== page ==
When it comes to forklifts, Thistel has “been there, done that.” He has worked in every corner of the industry for 30 years, from service to operations to sales. The decision to join Hangcha was an easy one for him. “I had known Robert for about 10 years. When he talked to me about Hangcha, how they were investing so many hours in development, taking a top-notch product to market at an affordable cost, I couldn’t say no.”

Rioux may be newer to the forklift industry than Thistel, but for her, Hangcha completes a circle. “Previously, I’ve worked in international shipping and logistics. My role here is closing the loop from ocean freight to logistics on the road to forklifts. It’s an exciting industry; it’s challenging, it moves fast, and it’s necessary.”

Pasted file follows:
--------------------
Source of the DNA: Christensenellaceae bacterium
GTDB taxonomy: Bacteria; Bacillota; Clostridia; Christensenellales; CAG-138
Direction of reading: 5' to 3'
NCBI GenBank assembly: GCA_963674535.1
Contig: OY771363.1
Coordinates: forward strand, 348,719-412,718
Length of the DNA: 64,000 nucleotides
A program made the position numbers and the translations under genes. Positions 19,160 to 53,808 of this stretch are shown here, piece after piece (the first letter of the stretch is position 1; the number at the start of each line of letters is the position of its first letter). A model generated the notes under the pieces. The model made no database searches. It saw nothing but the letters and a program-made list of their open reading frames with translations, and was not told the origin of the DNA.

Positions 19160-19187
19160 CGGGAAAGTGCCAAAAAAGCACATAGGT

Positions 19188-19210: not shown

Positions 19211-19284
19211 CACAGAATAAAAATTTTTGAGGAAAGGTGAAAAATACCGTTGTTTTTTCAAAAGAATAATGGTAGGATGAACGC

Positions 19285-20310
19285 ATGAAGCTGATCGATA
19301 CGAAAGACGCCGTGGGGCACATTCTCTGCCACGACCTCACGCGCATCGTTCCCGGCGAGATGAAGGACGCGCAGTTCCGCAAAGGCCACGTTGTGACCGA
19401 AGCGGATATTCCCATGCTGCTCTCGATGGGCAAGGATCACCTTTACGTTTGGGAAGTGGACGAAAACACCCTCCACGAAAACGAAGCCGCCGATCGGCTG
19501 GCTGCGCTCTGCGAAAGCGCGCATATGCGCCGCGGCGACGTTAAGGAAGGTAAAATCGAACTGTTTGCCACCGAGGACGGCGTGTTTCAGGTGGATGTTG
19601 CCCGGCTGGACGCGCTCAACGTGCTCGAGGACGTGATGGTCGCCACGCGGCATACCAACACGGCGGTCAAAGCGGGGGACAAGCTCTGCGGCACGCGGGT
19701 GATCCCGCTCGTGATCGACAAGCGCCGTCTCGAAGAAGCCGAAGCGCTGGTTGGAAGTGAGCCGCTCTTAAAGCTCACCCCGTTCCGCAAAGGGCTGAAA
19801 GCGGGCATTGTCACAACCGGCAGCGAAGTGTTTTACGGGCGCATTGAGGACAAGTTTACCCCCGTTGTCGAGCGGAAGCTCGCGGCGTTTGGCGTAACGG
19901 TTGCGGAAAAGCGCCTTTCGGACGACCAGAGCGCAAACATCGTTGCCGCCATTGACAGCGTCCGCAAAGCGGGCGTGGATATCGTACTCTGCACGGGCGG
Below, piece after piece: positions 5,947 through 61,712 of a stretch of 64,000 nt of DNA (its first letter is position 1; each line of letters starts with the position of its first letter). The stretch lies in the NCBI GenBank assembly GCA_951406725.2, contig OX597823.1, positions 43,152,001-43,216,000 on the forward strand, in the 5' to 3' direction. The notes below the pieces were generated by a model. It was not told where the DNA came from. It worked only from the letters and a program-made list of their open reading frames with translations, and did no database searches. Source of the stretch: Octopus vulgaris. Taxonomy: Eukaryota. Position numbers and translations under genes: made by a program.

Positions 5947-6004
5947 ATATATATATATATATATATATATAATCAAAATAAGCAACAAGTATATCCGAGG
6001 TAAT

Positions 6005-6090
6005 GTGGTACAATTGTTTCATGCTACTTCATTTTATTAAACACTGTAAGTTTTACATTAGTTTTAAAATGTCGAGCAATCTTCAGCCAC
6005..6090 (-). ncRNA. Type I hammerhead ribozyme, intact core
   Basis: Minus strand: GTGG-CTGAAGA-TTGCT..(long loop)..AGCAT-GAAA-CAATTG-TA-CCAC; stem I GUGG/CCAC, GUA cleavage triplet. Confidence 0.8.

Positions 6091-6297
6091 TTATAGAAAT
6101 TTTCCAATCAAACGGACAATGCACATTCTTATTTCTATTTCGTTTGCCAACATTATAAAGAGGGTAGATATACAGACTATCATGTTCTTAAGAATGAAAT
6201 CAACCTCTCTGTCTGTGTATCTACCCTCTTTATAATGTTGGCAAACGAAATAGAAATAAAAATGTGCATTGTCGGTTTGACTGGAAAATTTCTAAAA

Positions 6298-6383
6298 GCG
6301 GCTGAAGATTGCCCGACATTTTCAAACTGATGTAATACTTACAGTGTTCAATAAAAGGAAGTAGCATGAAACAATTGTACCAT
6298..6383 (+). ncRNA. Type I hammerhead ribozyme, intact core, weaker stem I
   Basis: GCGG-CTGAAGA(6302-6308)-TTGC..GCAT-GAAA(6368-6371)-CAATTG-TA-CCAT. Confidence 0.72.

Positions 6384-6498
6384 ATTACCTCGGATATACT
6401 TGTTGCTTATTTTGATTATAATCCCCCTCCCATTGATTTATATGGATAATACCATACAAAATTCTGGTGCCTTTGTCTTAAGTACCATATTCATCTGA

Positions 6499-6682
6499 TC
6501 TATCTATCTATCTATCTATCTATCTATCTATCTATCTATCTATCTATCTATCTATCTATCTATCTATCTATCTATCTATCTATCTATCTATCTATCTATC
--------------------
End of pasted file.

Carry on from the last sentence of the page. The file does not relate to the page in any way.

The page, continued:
Working to establish Hangcha’s presence in Canada has been a whirlwind. “I was employee number three. It’s been an interesting ride. I worked with Robert to develop the structure, the dealer network coast to coast. Then we worked to build the sales team, starting with inside sales first, then the outside sales territories.”

The company has grown quickly in a short period, and it is intentional about the culture it is building. “It took some trial and error over the four years, but we have a dream team now. We’ve got over 100 years of combined industry knowledge and history on our team.”

Both Rioux and Thistel stress that the values of the company are not just words on the wall. The values of integrity, teamwork, responsibility, and sharing are embedded in the way the company does business, and decisions are made collaboratively.